In this fourth and final article on Christians’ divine call, we will consider three more purposes of our calling. The Bible describes our calling from God in wondrous terms. In Hebrew 3:1, it is described as “heavenly calling”. In 2 Timothy 2:9, Paul describes it as “holy calling”. Philippians 3:14 refers to it as “high calling”. Such glowing descriptions of our calling impress upon us the need to understand and appreciate the call of God that we have received through Christ. That is why Paul prayed in Ephesians 1:18, “The eyes of your understanding being enlightened; that ye may know what is the hope of His calling.”
10. The Call to Peace
When a person responds to the call of God by the Gospel, he may experience conflict at home. His closest and dearest ones may oppose and reject his faith in the Lord. In 1 Corinthians 7:15, the apostle Paul portrayed a scenario of a believer being abandoned by his unbelieving spouse. In such a case, we are told, “But if the unbelieving depart, let him depart. A brother or a sister is not under bondage in such cases: but God hath called us to peace.”
Scripture teaches us that Christians ought to be peaceful. We must always prevent contentions and violence. This is to be our grand principle. When Paul suggested letting the unbelieving depart, he was not suggesting that the Christian initiates a separation from the spouse. But if the unbelieving spouse becomes agitated and threatens to part with the believer, the believer is advised to let the unbeliever leave peaceably. If peace cannot be maintained by living together, there should be a peaceful separation. If the unbelieving departs, he should be permitted to do so peaceably without contention and strife, for God has called us to a life of peace.
In Colossians 3:15, we are exhorted to pursue peace in the church, for thereunto are we called. “And let the peace of God rule in your hearts, to the which also ye are called in one body; and be ye thankful.”
11. The Call to Liberty
Christians are reminded in Galatians 5:13 – “For, brethren, ye have been called unto liberty; only use not liberty for an occasion to the flesh, but by love serve one another.”
Firstly, the apostle Paul was referring to the freedom that Christians have from the Jewish rites and ceremonies. The Galatian church was infiltrated by some false Jewish teachers who urged them to go back to the ceremonial practices of the Old Testament. Such adherence to the ceremonial laws of the Old Testament was unnecessary and destructive because Jesus has already accomplished a perfect sacrifice for our freedom from sin. The Old Testament ceremonies were only a figure of what Christ would accomplish for us. Since Christ has fulfilled all that the old ceremonies have pre-figured, it was an entanglement to yield to those ceremonies again. So Paul insisted that true Christians have been called unto liberty, and they are not to limit and destroy that liberty. They are never to be in subjection to all the ceremonies of the law of Moses.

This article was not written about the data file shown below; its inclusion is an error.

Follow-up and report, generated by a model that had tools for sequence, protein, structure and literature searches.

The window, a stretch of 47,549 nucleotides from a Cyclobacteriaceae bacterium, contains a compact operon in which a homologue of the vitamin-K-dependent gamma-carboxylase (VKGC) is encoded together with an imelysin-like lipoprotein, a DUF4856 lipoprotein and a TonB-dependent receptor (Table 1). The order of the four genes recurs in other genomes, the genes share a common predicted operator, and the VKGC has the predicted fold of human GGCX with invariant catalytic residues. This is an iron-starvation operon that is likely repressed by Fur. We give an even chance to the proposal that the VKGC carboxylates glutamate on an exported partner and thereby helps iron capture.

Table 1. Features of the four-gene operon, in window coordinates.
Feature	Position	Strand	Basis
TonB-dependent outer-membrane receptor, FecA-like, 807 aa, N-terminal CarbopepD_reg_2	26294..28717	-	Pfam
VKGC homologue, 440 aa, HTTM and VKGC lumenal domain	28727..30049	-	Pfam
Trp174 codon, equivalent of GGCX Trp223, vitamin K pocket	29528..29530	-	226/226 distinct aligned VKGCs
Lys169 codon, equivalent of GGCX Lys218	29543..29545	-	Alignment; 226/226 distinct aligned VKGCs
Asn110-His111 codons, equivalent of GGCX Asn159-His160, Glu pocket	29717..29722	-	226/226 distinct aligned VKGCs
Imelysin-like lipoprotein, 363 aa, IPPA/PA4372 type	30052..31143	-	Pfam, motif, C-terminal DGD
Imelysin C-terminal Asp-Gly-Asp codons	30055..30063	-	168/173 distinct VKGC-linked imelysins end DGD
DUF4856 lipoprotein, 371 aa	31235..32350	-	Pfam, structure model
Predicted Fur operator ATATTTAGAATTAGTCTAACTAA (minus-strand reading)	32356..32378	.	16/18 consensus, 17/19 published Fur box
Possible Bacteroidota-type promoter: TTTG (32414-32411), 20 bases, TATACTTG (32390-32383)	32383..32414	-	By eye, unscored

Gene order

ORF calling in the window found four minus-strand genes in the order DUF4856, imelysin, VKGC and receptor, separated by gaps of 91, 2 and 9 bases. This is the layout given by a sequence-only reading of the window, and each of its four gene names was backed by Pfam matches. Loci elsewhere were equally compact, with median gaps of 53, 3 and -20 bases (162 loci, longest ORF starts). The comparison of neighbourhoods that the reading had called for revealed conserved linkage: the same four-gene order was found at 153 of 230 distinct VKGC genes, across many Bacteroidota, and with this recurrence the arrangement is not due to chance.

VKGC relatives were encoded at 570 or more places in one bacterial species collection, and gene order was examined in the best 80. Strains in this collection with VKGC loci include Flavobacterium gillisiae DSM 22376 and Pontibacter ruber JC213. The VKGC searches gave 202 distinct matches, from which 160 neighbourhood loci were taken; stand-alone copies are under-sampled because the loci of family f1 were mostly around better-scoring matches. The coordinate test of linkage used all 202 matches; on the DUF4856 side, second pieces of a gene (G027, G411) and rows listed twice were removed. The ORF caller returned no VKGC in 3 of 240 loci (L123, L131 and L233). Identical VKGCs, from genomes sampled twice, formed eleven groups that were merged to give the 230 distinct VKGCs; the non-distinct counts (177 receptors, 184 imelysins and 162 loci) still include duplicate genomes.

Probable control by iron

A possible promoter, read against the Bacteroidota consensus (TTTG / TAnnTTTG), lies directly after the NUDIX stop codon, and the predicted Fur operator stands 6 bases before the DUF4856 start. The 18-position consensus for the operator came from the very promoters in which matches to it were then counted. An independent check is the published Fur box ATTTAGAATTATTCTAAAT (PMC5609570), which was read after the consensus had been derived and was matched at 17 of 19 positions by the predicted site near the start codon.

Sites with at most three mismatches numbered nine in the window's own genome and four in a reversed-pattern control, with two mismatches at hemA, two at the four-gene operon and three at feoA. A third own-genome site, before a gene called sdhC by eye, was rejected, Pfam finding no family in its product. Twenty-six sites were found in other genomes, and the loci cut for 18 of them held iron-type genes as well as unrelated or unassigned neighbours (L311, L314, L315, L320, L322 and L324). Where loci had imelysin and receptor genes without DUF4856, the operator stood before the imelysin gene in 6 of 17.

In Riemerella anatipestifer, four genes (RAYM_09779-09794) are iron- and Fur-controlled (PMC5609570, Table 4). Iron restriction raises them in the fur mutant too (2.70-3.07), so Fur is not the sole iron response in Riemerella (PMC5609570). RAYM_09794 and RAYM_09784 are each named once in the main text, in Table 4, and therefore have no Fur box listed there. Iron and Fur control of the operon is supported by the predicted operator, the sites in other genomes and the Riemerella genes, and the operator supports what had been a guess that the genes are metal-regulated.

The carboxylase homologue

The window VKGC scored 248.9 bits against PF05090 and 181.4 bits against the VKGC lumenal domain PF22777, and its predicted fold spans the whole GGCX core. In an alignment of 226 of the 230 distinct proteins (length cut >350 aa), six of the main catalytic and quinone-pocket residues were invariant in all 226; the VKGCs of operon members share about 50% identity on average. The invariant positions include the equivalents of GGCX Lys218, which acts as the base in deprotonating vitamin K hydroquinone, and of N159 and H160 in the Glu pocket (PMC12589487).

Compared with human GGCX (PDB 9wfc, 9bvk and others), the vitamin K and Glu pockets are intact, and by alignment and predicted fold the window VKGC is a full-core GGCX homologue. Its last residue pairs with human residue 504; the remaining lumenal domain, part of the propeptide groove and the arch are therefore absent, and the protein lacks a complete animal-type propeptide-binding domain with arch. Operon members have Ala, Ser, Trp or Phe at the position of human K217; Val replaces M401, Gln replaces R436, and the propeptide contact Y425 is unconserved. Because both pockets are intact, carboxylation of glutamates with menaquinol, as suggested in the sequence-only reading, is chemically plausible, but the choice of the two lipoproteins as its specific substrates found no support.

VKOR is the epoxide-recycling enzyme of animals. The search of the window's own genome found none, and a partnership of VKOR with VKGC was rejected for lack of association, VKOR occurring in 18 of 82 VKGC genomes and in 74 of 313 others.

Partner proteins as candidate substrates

Secondly, this liberty from Jewish rites also indicates our freedom from sin. Now through Christ’s work on the cross, we are free, free from the servitude to sin as much as we are free from the burdensome rites and customs. Christians should remember this as a great and settled principle. “Liberty in Christ” is our motto of life.
Thirdly, Christian liberty is not a licence to sin. It is not freedom to do anything that our lusts would have us to do. So Paul said, “Only use not liberty for an occasion to the flesh, but by love serve one another.” We are not freed to serve sin. Our liberty is freedom from sin unto the service of fellow brethren and our Lord. Christian freedom is not lawless behaviour but joyful service to the praise of our great Liberator, Jesus Christ.
12. The Call to His Kingdom and Glory
Our calling from God is for the purpose that we may be granted the inheritance of His kingdom and glory. Many portions of the Scriptures testify to this glorious truth. The following are some of these Scriptural attestations of our calling unto His kingdom and glory.
By the gracious and efficacious call of God, we are transferred out of corruption and misery of sin into the glories of Christ. We are also no more under the servitude of Satan’s kingdom of darkness. We are called to the hope of the heavenly city that the Lord is preparing for His people. We have now come, because of His gracious call, into the participation of the glory which God has prepared for His redeemed people.
Nothing in this world can stop us from partaking in the glorious eternity in His celestial kingdom. We shall soon be in that eternal glory. While we are in this world of corruption, we can look forward to inheriting a glory that fades not away. It will not be like the glory of this world which is transient, and soon passes away. The glory that awaits us will abide for ever. The saints of Christ are called to obtain a glorious, eternal kingdom that shall not perish.